Country Focus Data: Tunisia

by Mindy Dake
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Located on the coast of North Africa, Tunisia's capital is Tunis.
Demography: Population 8.9 million (July 1995); Arabic (official/commerce), French (commerce) languages; Muslim religion (98%).
Geography: Total land area 163,610 square km; 1,148 km coastline; temperate in north; desert in south.
Government: Republic. Chief of state is President Zine el Abidine Ben Ali, head of government is Prime Minister Hamed Karoui.
Official agricultural agencies: Ministry of Agriculture, Office of Cereals.
Economy: Tunisia's economy is fairly diversified, and energy, mining, tourism and agriculture are important sectors. Government control over the economy slowly has been diminishing over the past eight to 10 years through an economic liberalization program. The program generally has been successful, but adverse social effects, such as cuts in food subsidies and unemployment, have forced the government to proceed slowly.
Real growth averaged 5% in 1991-1994. Agriculture accounts for 16% of G.D.P. and employs about 30% of the labor force.
G.D.P. per capita: U.S.$4,250 (1994 estimate); 1994 real growth rate 4.4%.
Currency: The Tunisian dinar. April 1996 exchange rate: 0.97 dinars per U.S. dollar.
Foreign trade: 1993 exports, U.S.$4.6 billion, f.o.b., 75% with E.U. countries, 10% with Middle East, primarily energy products, olive oil. 1993 imports, U.S.$6.5 billion, c.i.f., 70% with E.U., 5% with U.S., consisting of industrial goods, grain.
Major crops: olive oil, citrus fruits, dates and cereals.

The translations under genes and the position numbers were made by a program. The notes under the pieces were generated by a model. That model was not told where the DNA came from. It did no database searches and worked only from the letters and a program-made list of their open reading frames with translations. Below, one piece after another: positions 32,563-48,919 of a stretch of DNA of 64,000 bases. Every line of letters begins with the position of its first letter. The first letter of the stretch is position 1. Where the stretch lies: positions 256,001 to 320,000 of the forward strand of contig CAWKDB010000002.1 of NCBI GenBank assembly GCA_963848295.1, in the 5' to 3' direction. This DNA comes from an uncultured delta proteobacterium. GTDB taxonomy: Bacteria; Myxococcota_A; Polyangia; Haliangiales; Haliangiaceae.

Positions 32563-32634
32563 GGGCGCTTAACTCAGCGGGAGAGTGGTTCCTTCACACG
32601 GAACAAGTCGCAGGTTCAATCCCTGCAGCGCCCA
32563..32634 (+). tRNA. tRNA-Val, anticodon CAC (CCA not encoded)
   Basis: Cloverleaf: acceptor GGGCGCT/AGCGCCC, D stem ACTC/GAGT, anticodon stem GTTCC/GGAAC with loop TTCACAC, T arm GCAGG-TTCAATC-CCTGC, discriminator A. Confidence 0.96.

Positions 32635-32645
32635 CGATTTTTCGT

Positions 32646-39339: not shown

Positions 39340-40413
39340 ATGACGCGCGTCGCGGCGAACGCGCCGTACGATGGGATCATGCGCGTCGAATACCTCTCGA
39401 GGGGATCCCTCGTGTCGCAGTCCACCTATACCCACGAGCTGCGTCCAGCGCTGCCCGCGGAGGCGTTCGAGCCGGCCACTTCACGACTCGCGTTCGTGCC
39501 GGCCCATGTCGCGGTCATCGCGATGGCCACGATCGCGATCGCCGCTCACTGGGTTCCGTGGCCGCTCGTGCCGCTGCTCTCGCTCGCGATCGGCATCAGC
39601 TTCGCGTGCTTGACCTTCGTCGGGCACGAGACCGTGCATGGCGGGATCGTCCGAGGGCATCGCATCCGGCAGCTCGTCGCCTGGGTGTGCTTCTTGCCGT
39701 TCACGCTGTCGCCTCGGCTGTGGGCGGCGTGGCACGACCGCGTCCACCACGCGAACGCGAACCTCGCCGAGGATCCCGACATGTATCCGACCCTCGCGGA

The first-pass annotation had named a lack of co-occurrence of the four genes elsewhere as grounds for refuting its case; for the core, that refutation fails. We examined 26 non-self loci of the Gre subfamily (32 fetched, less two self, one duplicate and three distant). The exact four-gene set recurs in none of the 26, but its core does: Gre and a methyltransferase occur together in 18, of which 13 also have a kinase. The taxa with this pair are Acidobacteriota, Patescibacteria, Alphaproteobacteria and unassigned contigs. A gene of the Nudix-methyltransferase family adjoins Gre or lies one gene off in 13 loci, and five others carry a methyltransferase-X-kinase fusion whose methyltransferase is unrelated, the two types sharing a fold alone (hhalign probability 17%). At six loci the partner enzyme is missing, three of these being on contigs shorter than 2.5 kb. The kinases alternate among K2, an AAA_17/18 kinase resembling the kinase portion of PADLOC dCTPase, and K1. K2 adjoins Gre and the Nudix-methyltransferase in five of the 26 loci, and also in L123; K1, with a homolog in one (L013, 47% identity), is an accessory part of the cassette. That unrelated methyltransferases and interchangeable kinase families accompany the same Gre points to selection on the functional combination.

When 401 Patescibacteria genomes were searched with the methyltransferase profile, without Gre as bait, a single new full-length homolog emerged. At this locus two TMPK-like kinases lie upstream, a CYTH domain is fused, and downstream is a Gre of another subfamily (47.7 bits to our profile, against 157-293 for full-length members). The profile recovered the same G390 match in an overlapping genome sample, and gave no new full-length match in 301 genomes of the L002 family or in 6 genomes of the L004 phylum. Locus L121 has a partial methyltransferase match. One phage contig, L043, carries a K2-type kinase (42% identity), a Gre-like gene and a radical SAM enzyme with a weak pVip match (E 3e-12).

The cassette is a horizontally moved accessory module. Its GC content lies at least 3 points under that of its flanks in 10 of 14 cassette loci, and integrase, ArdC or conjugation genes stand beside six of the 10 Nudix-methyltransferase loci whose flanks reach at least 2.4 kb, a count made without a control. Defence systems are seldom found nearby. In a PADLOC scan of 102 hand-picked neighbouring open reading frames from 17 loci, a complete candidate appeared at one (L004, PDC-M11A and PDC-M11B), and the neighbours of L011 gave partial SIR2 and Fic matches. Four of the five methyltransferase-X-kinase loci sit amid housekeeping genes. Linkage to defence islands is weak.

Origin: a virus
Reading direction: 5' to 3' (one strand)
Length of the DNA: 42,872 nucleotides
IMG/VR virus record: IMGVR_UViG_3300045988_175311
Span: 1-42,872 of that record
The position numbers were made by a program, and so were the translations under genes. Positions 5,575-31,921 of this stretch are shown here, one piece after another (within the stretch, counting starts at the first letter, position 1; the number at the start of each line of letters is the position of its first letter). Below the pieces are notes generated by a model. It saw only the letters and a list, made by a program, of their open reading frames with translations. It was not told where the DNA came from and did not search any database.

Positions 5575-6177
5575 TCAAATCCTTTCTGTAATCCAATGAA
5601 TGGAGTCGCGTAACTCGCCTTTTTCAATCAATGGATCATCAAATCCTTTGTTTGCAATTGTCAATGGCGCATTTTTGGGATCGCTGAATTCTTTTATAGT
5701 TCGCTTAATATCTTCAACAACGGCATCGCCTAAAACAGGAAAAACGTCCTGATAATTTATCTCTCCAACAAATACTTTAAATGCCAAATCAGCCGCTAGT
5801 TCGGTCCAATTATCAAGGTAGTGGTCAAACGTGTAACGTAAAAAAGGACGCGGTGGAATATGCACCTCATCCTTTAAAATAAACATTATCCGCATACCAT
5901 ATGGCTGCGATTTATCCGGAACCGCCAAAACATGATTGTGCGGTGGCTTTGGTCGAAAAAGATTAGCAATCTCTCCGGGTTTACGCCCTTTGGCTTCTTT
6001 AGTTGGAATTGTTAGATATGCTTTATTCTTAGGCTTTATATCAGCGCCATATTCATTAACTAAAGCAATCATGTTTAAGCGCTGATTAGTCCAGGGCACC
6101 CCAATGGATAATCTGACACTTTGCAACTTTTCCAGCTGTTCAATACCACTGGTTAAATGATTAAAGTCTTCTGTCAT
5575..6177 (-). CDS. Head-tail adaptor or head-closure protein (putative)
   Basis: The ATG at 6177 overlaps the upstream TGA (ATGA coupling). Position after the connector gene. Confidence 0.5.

Wheat: Tunisia's wheat production, along with most of its agriculture, is highly dependent on rainfall and is subject to periodic and severe droughts. Because consumption is relatively stable, production dictates import levels.
Wheat production from 1990 to 1994 averaged about 1.3 million tonnes, ranging from 500,000 in 1994 to 1.8 million in 1991. Imports in the same period averaged 851,000 tonnes, ranging from a low of 524,000 in 1991 to a high of 1.4 million in 1994. Consumption averaged 2.06 million tonnes. Durum wheat is important in Tunisia, and in average or high rainfall years, the country generally is self-sufficient.
Feed grains: Barley is the primary feed grain, and production averages about 415,000 tonnes, subject to wide fluctuations. Imports average about 200,000 tonnes, with use averaging about 600,000 tonnes. Some 260,000 tonnes of maize also are imported and consumed each year.
Transportation: Railroads, 2,260 km total; 1,758 km of 1.000-meter gauge, 492 of 1.435-meter gauge; 29,183 km of highways, with 17,510 km paved; major grain handling port is La Goulette.